Sustainable transport infrastructure proposed for Lyall Bay

Projects & Partnerships Sustainability & Technology

Public transport infrastructure to sustain and grow electric bus services could be coming to Lyall Bay, following the demolition of derelict buildings on Tirangi Road. 

Greater Wellington’s proposal for the site it leases from Wellington International Airport includes parking and charging facilities for electric buses from late 2025, pending public consultation and long-term planning approval. 

In the meantime, preparation to take down the three earthquake-prone buildings starts this week with demolition due to begin in early 2024. 

Greater Wellington Transport Committee chair Thomas Nash says the site has the potential to house infrastructure that supports the expansion of Metlink’s electric bus fleet.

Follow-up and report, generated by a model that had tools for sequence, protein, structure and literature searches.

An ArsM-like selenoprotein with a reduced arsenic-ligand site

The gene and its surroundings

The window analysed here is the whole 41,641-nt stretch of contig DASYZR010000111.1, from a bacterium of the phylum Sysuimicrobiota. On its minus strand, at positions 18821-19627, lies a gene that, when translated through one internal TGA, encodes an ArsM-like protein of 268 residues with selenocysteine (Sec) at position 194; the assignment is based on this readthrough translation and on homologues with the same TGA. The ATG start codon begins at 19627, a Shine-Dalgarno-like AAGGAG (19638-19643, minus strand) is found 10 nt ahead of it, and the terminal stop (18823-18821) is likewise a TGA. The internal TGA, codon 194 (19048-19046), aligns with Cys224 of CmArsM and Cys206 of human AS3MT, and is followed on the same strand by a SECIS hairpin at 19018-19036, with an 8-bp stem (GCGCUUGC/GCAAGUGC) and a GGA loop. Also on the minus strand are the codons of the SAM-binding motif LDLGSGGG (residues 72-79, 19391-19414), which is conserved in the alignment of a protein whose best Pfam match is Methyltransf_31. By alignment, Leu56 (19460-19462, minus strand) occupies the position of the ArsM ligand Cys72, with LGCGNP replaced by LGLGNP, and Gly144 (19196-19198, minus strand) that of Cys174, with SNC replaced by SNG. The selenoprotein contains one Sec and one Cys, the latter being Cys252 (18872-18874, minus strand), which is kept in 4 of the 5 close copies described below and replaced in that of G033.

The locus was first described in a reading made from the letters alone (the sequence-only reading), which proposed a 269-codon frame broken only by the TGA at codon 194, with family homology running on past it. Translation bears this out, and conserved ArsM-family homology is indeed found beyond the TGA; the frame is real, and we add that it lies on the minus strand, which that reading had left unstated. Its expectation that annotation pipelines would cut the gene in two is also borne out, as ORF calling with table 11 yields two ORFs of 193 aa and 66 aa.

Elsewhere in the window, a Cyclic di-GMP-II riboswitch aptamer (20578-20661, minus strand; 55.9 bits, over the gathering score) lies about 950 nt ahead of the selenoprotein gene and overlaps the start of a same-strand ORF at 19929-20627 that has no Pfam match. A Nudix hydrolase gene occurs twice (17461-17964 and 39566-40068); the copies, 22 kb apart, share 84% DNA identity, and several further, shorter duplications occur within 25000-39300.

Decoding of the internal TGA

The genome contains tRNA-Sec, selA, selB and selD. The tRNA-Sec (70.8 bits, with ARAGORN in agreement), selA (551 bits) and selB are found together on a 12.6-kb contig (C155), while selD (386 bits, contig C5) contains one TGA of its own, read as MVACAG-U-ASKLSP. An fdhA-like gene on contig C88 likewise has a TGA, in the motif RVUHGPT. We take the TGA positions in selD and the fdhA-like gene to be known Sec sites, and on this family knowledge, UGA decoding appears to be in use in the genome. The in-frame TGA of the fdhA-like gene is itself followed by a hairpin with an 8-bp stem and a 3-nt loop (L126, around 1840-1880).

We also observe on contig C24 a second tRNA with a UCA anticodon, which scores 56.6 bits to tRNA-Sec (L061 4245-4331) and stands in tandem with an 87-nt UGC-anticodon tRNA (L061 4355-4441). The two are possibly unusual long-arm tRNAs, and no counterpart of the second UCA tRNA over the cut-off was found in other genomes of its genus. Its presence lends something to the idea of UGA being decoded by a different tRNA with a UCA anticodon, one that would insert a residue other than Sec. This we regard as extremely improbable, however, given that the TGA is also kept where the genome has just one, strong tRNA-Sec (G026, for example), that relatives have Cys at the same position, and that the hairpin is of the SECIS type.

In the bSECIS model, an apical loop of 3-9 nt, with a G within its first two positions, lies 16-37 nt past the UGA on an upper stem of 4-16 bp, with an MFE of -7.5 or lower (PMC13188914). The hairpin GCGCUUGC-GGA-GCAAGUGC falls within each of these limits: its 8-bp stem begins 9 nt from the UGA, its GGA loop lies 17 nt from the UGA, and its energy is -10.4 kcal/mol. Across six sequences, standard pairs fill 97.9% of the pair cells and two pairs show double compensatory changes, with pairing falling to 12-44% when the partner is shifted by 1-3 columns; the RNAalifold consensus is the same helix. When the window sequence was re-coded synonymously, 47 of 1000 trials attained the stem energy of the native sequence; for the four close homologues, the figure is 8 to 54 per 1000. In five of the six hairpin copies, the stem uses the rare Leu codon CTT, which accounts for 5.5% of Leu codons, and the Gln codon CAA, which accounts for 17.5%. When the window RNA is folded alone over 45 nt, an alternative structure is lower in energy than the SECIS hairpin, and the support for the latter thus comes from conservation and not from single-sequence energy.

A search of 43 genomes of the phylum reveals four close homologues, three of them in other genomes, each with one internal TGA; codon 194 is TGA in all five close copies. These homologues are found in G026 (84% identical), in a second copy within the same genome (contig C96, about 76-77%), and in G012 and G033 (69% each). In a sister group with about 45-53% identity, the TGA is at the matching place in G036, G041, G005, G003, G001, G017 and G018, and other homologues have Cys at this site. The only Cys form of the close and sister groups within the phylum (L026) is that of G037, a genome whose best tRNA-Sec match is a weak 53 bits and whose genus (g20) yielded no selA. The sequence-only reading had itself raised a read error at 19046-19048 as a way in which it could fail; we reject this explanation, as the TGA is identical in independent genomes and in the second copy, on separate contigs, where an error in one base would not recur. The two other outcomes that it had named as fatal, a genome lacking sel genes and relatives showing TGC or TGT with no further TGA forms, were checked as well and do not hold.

“Over 20 percent of our buses are now fully electric, and this site could be crucial in helping us reach our goal of an emission-free core network,” Cr Nash says.

“Greater Wellington looks forward to being part of the wider Lyall Bay rejuvenation and working with the community on the future of the site.”

Wellington International Airport chief executive Matt Clarke says the airport is proud to be working with Greater Wellington to revitalise the area. 

“This part of Lyall Bay has an exciting future with a lot of new projects underway. We’ve purchased two high-profile, waterfront corner sites in the nearby Lyall Bay Junction which will feature new hospitality offerings opening in early 2024,” Mr Clarke says.

“Plans are also being developed for a new public promenade along Lyall Bay Parade, and construction has started on a state-of-the-art airport fire station on Coutts Street.” 

Metlink group manager Samantha Gain says any impact on surrounding businesses from the demolition is likely to be minimal. 

“There will occasionally be the need for traffic management while we remove these quake-prone buildings,” Ms Gain says. 

“We thank Lyall Bay residents and shoppers for their patience as we safely clear the site.”

The public can have their say on bringing core bus infrastructure back into public ownership, and the plans for the Lyall Bay site, during the consultation for Greater Wellington’s Long-Term Plan 2024.

For more information on the Lyall Bay development, visit: link)